“I’m Freiburger. That’s Finnegan. This is the show where we play with cars and you point and laugh.” And with that, David Freiburger launched Roadkill. Eight years and more than 100 episodes later, Roadkill is still going strong. In fact, it’s one of the most successful and widely watched automotive TV and video series ever, arguably second only to the BBC’s lavishly funded and expensively produced Top Gear. And we did it all ourselves.
I know. I was there.
When Google threw us some money in 2011 to help make YouTube more than just a platform for shaky lo-fi user-generated videos about laughing babies and dancing cats, I decided the MotorTrend Channel would be like a proper automotive TV channel, something I’d dreamed about doing for decades.
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It would have TV-length, TV-style shows covering everything from new vehicles to hot rods to four-wheel drives to motorcycles. Some shows would be weekly, some monthly, but to keep the channel relevant and interesting, a fresh show would be uploaded every day, five days a week.
I came up with a complete slate of programs, outlining the show formats, who the on-screen personalities should be (no pretty-boy TV talking heads reading scripts, but staffers who’d actually know what they were talking about), and what the shows would be called. Ignition. Head 2 Head. Hot Rod Garage. Dirt Every Day. On Two Wheels. The Downshift. Wide Open Throttle. Epic Drives. And, of course… Roadkill.
How Roadkill Got its Name
Google David Freiburger today and you get the descriptor “TV personality”. But back in 2011 he was editor-in-chief of Hot Rod magazine, the title founded by Robert E. Petersen in 1948 and the success of which would lead to Petersen launching MotorTrend magazine the following year.
When it came to Hot Rod-branded or themed shows for the new channel, I naturally asked David, a man who’s forgotten more about hot rods, drag racing, and classic American iron than the rest of us will ever know, for ideas. A build show of some type—a video version of the ‘how-to’ features that had been part and parcel of Hot Rod the magazine for decades—seemed a no-brainer. But I wanted a show that took the automotive counterculture out of the shop and put it out on the road.
I’d been intrigued with the videos David had done for a short-lived media venture of his own a couple of years earlier. It featured grungy, dirt-bag vehicles and was powered by a genuine sense of fun.
“Maybe you do a show something like that,” I said to David as I leaned in the doorway of his office one evening. He was intrigued, interested. I could see the creative wheels starting to turn. I glanced around his office and saw a copy of the brand-new special edition Hot Rod magazine on rat rods, fresh from the printer. The title? Roadkill. “And that’s what we should call it,” I said, pointing at the cover.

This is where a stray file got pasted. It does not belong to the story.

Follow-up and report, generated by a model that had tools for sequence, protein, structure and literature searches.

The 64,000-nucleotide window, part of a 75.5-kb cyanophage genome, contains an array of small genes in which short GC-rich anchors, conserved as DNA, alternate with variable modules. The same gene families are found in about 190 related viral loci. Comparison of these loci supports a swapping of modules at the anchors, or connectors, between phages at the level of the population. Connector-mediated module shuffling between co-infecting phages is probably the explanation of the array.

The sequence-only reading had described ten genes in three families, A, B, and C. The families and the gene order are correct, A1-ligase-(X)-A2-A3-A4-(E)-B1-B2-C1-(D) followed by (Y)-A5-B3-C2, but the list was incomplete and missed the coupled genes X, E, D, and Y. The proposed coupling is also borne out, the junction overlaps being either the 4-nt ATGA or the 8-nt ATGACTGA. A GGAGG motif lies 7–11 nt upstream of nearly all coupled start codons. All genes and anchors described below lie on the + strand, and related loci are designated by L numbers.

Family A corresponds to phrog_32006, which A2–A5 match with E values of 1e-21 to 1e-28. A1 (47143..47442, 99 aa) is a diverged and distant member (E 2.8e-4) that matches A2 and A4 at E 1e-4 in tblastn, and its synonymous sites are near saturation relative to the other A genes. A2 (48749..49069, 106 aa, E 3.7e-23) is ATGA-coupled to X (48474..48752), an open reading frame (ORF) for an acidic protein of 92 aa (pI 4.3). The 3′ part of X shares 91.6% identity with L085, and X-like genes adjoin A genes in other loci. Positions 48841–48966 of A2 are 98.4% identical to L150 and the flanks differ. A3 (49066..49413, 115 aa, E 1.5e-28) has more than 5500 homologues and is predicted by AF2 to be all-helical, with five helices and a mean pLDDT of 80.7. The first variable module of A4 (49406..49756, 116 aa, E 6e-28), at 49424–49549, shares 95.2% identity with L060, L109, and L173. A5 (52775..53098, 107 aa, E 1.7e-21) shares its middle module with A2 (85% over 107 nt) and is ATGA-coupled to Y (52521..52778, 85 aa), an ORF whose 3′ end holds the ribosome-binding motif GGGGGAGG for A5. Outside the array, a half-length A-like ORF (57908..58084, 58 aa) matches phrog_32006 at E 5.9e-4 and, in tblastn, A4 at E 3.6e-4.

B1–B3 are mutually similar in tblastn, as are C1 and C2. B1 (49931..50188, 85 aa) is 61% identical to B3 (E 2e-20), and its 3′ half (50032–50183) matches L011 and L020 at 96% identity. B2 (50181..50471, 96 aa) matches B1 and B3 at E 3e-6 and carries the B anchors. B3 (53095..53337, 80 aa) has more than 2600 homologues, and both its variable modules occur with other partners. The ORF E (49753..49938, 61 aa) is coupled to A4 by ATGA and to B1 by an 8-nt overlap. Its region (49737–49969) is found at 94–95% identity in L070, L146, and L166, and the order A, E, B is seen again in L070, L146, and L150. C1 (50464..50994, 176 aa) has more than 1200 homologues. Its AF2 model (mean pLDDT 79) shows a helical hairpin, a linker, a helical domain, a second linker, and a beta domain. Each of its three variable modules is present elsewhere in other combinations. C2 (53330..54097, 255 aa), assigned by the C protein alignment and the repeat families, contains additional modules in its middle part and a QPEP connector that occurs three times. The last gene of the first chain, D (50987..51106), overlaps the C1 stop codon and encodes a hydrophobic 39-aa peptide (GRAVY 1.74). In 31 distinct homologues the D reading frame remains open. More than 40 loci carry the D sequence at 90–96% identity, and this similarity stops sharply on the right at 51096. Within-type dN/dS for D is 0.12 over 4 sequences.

David said the show wouldn’t be about rat rods. “Doesn’t matter,” I said. “Roadkill is a brilliant name. We can make it mean whatever we want it to mean. And the logo is perfect just as it is.”
If You Haven’t Watched Roadkill Yet, Here’s Why You Should
It’s fun. It’s real. It’s men behaving badly with cars. And in among the mayhem you’ll almost always learn something. Take episode 108, where Freiburger gives you chapter and verse on the Dodge D100 pickup, and how not all D100s are the same. It got me thinking the right D100 could make a cooler classic truck than a Ford or Chevy from the same era.
Sure, some of the scenarios are far-fetched. But who wouldn’t want to see a Prius squashed by a tank (episode 17), cars catapulted off a 300-foot cliff in Alaska (episode 83) or a 2013 Dodge Dart dropped 1,320-feet from a helicopter onto a map drawn on a dry lake bed to celebrate the 100th episode? The latter was a wonderfully over-the-top homage to the opening scene of the first ever Roadkill episode in which a blindfolded Finnegan threw a dart at a map of the U.S. to see where they would have to buy a car and drive it back to L.A. without spending more than $1,500.
The Dart did the vertical quarter mile in 10.4 seconds, by the way.
When the boys are trying to make some old junker run with little more than gaffer tape and zip-ties, they’re really doing it. When stuff goes wrong, it goes wrong. Check out the time they tried to drive a Ranchero to Alaska (episode 2) or off-road a Chevy Monte Carlo lowrider (episode 39).
Frankenstein creations like the Vette Kart (episode 35), the rat-rod Jeep (episode 15) and Nascarlo (episode 46) are all their own work. I remember that time they tried to supercharge a Chevy Monza Spider (episode 16) with five—count ’em —leaf blowers.
You hear a lot about unscripted drama and reality TV these days. But when MotorTrend entered into a joint venture with Discovery Communications, the experienced TV execs who came and kicked the tires on our home-grown shows were stunned to learn Roadkill is basically all automotive improv. Even UK’s Top Gear, for all the fun and the banter, has relied on heavily scripted set pieces since the Clarkson, May, and Hammond days. Roadkill is car guys talking car stuff, live, as it happens.
And that, for me is what makes Roadkill must-see TV.